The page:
Wahls Paleo Protocol, for me, has drastically improved my MS. McDougall made my MS spiral out of control, until I could barely move, gave up driving, needed a wheelchair, fell all the time, and rarely left my home. My attitude was great, but physically I felt like I was simply waiting to die. Now I am walking without any assistance, no more wheelchairs, I drive safely again, I shop for, and cook, all my delicious healing foods, I clean, I exercise, and my husband has his life back.
      So now you have heard of somebody else’s diet that is turning these ailments around. AIP is also helping many people.

      • Rebecca Cody

        Wow, Darcy! I’m so happy you found a diet that is helping you live normally. We are truly biological individuals, and, as the old saying goes, one man’s meat is another’s poison. You’re living proof.

        I think as we learn more about our DNA and how it affects bodily functions, as well as how to use epigenetics in our favor, it will help us pinpoint what will work best for individuals. I say that because I’m one who has seizures caused by aspartame. Since I figured that out I haven’t had either aspartame or any seizures. Eventually I found it is connected with a genetic polymorphism, MTHFR, which slows methylation dramatically, thus making detoxification through the liver very slow. We each have our own little, or big, quirks that bother us but not everybody.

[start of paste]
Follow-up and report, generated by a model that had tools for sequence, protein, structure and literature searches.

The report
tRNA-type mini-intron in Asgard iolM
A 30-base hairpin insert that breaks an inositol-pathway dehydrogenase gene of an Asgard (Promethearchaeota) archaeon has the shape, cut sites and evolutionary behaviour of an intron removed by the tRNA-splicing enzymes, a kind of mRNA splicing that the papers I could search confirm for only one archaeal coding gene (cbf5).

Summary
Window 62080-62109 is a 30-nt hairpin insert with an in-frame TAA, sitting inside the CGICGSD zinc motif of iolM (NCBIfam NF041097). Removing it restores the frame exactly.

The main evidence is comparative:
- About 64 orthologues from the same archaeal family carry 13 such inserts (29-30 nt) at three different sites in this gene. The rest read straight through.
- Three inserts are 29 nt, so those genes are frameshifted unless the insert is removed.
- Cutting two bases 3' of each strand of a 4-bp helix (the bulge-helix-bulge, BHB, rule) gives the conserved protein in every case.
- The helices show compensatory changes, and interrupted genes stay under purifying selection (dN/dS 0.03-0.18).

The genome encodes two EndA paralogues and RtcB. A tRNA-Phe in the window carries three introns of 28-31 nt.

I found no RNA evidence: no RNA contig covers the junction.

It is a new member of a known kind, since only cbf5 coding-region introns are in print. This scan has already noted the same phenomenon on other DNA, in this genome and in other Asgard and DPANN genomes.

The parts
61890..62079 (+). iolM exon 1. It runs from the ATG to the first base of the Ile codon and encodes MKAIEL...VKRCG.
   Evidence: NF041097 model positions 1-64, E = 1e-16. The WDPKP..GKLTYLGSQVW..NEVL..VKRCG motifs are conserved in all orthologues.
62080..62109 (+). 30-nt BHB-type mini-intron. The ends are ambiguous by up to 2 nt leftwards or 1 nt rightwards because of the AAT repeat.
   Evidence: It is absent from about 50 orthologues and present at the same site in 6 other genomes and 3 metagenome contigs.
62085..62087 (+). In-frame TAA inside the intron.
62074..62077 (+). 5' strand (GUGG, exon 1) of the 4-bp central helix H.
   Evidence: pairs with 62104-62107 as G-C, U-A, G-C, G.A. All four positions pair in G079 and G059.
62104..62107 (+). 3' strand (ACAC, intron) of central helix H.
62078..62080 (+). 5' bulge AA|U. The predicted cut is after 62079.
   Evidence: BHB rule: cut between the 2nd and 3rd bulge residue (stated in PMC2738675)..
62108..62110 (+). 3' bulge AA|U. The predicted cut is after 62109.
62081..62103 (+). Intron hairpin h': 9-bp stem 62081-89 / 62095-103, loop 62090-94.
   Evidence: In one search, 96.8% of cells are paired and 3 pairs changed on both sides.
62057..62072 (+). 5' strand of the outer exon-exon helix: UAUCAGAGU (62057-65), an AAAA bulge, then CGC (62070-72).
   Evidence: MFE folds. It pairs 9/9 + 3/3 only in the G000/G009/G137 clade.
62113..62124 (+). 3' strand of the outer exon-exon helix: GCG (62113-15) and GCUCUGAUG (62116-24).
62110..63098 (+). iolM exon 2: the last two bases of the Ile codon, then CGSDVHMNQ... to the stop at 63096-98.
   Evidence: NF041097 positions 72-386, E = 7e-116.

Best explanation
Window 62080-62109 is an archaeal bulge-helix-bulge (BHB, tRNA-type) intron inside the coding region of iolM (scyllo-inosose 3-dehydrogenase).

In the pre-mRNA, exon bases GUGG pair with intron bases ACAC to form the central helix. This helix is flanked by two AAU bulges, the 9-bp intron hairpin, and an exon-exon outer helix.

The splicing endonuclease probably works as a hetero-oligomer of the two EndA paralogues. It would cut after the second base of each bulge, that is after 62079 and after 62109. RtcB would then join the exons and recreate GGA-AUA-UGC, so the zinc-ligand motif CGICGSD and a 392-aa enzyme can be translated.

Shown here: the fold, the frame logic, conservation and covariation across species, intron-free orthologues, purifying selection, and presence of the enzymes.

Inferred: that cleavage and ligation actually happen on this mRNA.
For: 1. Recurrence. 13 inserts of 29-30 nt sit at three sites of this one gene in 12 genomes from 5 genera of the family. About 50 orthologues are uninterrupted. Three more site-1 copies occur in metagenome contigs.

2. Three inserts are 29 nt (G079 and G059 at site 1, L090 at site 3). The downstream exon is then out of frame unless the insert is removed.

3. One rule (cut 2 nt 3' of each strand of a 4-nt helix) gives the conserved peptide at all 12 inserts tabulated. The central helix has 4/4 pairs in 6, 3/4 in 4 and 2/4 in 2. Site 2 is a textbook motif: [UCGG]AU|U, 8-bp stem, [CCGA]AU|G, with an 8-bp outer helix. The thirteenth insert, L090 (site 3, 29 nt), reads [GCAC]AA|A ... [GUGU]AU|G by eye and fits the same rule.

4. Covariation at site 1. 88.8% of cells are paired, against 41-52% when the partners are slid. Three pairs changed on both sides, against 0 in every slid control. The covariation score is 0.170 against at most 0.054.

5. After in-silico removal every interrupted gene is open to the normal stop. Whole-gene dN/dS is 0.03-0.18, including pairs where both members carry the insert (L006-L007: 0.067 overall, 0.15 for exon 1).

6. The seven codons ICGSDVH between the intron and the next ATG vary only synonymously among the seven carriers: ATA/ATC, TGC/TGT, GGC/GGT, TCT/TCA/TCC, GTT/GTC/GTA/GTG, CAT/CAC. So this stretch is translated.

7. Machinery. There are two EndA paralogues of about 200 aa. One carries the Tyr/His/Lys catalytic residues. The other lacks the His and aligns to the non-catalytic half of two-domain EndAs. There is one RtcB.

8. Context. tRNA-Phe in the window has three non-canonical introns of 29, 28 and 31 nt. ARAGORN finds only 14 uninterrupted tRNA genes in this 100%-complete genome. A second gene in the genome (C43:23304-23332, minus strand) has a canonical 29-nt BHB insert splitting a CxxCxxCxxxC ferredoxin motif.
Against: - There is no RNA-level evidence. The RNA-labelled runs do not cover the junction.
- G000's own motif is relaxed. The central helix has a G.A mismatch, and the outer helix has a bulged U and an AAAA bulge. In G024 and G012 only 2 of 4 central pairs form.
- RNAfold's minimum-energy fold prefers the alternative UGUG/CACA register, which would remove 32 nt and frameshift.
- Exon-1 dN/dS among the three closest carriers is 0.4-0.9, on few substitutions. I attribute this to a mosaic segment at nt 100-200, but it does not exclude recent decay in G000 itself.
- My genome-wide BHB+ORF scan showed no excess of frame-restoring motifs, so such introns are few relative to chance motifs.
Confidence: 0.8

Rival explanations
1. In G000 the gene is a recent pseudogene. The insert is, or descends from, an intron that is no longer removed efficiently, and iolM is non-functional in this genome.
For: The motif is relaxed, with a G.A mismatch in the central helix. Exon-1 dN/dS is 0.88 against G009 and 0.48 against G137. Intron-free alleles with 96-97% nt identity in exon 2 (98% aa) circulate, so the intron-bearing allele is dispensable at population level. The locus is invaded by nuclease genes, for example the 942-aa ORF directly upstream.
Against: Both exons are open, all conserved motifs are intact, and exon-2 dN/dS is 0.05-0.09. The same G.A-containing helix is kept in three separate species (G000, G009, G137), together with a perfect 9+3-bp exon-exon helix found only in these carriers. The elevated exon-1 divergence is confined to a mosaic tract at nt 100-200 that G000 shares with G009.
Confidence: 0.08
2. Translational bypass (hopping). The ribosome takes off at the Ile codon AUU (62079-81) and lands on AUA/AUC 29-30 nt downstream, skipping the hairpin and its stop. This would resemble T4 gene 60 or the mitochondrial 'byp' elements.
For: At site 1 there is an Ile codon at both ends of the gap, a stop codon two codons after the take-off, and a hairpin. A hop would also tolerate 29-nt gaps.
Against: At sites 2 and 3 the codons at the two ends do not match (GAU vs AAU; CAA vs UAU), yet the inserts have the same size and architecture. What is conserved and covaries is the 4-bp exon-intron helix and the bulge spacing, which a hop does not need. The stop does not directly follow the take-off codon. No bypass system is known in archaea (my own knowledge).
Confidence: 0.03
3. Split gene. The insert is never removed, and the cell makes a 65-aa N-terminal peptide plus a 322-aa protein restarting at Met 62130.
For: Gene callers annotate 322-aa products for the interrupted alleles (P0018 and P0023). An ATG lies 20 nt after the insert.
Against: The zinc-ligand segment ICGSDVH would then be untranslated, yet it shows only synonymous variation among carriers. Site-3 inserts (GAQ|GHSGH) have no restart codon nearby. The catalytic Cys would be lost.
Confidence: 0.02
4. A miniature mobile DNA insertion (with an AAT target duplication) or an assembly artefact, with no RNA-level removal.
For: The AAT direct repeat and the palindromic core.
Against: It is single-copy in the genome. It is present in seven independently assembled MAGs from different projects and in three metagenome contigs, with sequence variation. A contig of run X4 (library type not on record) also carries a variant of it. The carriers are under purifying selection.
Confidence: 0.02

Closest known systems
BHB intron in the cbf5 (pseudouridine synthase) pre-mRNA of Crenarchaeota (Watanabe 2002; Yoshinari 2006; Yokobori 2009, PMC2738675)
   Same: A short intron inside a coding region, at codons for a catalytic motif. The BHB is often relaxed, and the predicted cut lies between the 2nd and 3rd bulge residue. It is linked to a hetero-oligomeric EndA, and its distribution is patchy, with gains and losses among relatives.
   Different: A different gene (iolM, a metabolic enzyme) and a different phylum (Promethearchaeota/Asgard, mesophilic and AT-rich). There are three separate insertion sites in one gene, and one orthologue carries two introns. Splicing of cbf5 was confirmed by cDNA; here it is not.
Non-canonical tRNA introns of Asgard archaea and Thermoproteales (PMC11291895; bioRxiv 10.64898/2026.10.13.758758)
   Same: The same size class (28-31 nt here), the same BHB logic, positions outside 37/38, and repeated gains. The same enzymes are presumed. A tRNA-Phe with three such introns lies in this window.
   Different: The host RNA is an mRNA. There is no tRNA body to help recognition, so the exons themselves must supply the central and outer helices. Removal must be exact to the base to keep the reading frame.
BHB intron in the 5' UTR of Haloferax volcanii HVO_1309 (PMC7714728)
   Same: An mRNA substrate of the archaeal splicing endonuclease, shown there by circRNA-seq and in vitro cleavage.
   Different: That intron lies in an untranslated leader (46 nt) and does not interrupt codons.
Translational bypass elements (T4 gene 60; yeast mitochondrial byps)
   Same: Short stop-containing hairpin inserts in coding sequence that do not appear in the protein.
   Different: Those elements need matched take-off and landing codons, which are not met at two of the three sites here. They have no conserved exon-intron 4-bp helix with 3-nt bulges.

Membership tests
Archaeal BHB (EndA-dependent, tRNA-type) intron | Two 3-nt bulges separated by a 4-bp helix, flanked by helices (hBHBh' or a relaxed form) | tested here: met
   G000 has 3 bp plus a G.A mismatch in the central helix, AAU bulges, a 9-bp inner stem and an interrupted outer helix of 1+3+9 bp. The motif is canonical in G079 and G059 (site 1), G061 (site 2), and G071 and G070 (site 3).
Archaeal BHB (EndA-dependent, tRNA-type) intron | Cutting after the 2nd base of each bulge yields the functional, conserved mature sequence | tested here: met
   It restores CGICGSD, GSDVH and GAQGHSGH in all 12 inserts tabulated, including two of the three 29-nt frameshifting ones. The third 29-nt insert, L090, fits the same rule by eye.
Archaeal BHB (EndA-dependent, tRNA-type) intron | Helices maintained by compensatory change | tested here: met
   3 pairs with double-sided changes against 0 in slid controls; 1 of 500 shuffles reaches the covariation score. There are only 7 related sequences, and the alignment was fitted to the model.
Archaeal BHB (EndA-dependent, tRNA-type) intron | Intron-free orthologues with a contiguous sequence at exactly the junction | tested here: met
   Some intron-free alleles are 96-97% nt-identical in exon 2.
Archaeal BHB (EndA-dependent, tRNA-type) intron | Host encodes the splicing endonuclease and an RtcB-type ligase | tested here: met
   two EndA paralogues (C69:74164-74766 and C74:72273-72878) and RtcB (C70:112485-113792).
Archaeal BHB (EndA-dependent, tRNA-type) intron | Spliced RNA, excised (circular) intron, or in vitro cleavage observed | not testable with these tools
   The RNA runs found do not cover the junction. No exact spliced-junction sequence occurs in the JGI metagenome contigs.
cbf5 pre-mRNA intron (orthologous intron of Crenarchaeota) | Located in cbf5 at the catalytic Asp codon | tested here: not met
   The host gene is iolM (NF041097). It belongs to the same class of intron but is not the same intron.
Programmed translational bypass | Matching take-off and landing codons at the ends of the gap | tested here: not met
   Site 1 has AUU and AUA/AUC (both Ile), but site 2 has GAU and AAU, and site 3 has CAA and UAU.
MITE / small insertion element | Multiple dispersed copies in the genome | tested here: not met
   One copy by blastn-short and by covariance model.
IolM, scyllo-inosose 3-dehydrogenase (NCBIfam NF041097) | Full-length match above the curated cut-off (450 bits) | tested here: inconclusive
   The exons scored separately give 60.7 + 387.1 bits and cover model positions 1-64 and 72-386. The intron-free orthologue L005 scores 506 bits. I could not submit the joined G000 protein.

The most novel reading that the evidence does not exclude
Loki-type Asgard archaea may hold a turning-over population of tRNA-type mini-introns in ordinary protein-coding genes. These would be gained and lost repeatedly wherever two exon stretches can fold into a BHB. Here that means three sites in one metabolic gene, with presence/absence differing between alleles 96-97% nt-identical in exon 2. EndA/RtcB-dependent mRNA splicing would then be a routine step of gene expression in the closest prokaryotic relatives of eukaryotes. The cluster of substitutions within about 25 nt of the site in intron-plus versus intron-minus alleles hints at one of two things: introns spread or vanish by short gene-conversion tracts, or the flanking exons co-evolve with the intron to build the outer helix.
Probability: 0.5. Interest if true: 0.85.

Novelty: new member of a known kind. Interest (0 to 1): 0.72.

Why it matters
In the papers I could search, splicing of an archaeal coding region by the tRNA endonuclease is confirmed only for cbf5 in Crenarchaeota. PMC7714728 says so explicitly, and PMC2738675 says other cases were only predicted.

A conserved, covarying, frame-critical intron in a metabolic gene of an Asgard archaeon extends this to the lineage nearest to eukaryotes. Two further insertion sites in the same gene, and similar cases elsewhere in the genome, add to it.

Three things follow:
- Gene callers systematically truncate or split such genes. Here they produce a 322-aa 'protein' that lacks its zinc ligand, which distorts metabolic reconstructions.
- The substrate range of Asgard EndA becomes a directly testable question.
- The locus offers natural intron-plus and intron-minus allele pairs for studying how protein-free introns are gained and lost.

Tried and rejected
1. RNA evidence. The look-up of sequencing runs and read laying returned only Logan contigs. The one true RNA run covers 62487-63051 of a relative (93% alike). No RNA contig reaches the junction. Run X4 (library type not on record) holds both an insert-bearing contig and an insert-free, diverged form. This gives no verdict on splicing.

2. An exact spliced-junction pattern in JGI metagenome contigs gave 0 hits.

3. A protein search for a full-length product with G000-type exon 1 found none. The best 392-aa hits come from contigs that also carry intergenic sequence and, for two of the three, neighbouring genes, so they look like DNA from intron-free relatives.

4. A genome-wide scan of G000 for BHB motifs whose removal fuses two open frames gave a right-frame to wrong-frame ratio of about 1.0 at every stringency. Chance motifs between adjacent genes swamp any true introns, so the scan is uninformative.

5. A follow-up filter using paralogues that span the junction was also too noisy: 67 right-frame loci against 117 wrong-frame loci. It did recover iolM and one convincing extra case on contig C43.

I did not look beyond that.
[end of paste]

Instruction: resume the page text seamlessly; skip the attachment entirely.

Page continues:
• David Parrish

        Ditto here. Tried a low fat diet and it just about killed me. Fatty fish, good fats, lower carbs (but continuing to eat good ones in moderation), and elimination of gluten have been good changes for me. An anti-imflammatory diet I believe has helped me recover and maintain mostly good health.

  • Marcus

    So, would it be reasonable to suggest that foods rich in long chain fatty acids may not be so great for folks with MS? Or is this all driven by gut bacteria with dietary fatty acids not playing such an important role?

    The original MS diets that have worked well for many folks are the super low saturated fat diets. A few strands of this remain and people tend to do better.

    The modern MS diets seem to originate from the ancestral diets and often promote foods rich in long chain fatty acids like coconut oil.